There is probably no other city in Europe with such a variety of important architectural reminders of its rich Jewish history and tradition going back ten centuries as “Warmaisa”, the Hebrew name for the city of Worms, formerly also known as “Little Jerusalem”. Just take a look at the Judengasse (“Jews’ Alley”) on the map of the city and our picture gallery of Jewish Worms .
Worms (in Hebrew “Warmaisa”) boasts a unique testimony to its eventful history of Christians and Jews living together, and as “Little Jerusalem” has become well known and has had a significant influence in the Jewish world. An important Jewish community existed here without interruption between around 1000 CE and the dark years of Nazi rule, and there is a great deal of visible evidence still today, despite the considerable destruction at various times. You can read more about Worms as a centre of Jewish learning here: more
The importance of Jewish Worms is due above all to him: Rabbi Salomon ben Isaak, called Rashi. This Jewish scholar and writer of a commentary on the Talmud is still today highly regarded in the Jewish world. Around the year 1060 he studied at the Jewish school (yeshiva) in Worms, at that time known throughout Europe.
The oldest existing Jewish cemetery in Europe is to be found in Worms. Centuries-old graves of famous Jewish rabbis make it an important place for Jewish visitors from the whole world.
The focal point of the former Jewish quarter was and is the synagogue with its ritual bath (mikvah). The first synagogue building (the oldest stone synagogue in Germany, built in 1034) was destroyed during the crusades in the 11 th and 12 th centuries. A new synagogue was built in the years 1174/75. It was burned down in 1938 in the “Pogrom Night” (also called “Crystal Night” and “the Night of Broken Glass”) and rebuilt in 1961, using much of the original building material.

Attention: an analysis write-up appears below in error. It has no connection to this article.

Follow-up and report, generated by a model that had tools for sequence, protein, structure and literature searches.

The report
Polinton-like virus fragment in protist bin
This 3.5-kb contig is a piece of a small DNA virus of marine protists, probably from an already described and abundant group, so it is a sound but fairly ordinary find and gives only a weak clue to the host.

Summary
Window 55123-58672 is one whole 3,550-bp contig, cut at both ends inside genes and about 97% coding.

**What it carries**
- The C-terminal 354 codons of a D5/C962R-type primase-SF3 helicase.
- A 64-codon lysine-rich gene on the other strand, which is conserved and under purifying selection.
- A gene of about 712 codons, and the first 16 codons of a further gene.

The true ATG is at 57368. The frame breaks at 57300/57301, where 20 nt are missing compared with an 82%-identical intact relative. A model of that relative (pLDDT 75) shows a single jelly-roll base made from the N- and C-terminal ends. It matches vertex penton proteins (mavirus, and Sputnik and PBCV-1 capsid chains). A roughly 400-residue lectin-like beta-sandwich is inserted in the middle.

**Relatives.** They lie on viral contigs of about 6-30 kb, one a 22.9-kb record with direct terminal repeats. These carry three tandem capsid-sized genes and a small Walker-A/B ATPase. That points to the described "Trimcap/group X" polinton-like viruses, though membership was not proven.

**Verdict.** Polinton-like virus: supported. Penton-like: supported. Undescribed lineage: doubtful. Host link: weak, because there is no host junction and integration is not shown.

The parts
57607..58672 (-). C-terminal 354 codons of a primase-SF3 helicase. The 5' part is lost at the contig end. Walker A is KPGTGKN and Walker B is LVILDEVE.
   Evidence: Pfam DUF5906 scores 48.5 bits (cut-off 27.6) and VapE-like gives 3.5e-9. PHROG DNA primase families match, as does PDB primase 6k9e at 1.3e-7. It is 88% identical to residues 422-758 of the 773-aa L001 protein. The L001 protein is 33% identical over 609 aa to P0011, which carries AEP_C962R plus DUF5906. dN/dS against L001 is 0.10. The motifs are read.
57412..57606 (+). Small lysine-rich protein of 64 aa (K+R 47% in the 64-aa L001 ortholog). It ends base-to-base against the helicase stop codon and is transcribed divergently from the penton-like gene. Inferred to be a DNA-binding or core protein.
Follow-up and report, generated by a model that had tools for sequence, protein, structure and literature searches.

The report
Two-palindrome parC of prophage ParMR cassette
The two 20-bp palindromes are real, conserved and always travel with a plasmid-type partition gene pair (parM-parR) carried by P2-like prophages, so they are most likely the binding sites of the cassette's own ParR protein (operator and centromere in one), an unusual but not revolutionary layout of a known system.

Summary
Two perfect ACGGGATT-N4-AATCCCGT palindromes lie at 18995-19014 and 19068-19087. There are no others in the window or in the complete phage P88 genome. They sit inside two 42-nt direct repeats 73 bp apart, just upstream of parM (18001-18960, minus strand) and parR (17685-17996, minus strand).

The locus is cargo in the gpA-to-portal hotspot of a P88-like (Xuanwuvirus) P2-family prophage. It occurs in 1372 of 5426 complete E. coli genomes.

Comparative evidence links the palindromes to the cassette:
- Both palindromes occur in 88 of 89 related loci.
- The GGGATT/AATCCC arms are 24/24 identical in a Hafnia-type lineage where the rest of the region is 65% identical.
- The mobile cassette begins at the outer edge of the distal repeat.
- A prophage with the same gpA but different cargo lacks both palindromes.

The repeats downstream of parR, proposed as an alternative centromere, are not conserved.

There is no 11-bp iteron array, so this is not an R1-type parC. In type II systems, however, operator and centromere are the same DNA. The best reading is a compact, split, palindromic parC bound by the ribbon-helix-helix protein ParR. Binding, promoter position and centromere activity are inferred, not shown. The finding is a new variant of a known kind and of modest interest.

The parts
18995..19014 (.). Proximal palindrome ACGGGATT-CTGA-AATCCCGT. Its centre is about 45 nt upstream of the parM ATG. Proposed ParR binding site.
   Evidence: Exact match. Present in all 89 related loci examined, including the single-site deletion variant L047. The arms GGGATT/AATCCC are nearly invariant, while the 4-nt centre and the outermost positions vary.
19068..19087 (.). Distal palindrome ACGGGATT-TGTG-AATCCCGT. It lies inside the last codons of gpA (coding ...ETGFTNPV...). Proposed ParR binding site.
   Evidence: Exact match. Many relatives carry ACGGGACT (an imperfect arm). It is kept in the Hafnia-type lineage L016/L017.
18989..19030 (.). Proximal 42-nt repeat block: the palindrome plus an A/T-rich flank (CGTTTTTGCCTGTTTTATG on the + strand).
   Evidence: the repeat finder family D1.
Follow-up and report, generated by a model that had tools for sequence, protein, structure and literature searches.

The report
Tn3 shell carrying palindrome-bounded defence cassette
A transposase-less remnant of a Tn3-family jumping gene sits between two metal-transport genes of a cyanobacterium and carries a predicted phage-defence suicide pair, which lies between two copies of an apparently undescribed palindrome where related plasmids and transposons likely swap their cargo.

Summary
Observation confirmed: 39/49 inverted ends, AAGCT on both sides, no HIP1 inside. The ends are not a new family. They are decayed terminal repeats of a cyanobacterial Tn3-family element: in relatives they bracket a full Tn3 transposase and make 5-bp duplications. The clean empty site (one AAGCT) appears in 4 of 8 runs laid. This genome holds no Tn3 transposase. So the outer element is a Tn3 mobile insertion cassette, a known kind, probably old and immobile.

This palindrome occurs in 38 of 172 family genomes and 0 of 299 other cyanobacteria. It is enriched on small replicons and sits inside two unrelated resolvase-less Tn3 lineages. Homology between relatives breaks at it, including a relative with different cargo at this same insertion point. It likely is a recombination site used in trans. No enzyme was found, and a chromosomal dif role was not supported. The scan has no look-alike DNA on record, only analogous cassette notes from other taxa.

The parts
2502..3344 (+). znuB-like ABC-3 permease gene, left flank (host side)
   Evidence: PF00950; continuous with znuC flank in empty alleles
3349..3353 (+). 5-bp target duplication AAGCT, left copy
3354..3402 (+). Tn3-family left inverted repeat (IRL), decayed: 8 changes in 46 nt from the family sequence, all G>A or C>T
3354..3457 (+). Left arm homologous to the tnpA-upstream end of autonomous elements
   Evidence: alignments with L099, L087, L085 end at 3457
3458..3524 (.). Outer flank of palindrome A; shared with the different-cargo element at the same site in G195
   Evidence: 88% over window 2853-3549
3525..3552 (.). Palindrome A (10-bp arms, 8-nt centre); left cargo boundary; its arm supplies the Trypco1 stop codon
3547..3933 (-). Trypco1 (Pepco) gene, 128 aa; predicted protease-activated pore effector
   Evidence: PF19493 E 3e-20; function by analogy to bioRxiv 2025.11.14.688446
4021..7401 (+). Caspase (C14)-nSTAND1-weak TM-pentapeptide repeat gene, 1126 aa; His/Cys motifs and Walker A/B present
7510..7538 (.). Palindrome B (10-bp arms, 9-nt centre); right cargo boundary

The Jewish Museum in the Rashi House gives insights into Jewish history and culture in Worms and stands on a site of historical significance as it was built on the cellar vaults and foundation walls of the Jewish community’s former dance and wedding house.
The Jewish hall of mourning in the Jewish part of the new city cemetery in Worms-Hochheim was consecrated in 1911. Following exterior and interior renovation it is once again resplendent – an outstanding testimony to Jewish cultural life.
Exiled, deported, murdered. But not forgotten. Cobblestone-size brass memorials, so-called “Stolpersteine”, serve as reminders of victims of the Nazi regime. They have been set in front of the houses in which these people last lived. There is an interactive map showing where “Stolpersteine” can be found.
The chance finding in 1877 of documents in the attic of the synagogue brought to light important records from several centuries. These come from the former archive of the Jewish community and include the Worms mahzor dating from 1272, a manuscript of one of the most widely known Hebrew prayer books.
“ShUM Cities on the Rhine – a Jewish Heritage for the World” is the motto of the cities Speyer, Worms und Mainz in their application for World Heritage status.?These cities were once important seats of Jewish learning. As such, they have applied for inclusion in the list of UNESCO World Heritage sites.
A society for the promotion and preservation of Jewish culture in Worms. Warmaisa organizes numerous events and is involved in the preservation of historical monuments and in memorial work (for example by means of the campaign “Stolpersteine”). In this way it contributes to the promotion and preservation of Jewish culture in Worms.
Further information about this society can be found here:
Worms has not had its own Jewish community since the time of the Nazis. The Jewish Community of Mainz takes care of the religious, cultural and social needs of its members who live in Worms. This community in Mainz owns the synagogue in Worms and is now making increased use of it for religious services.
Further information about the Jewish community can be found here: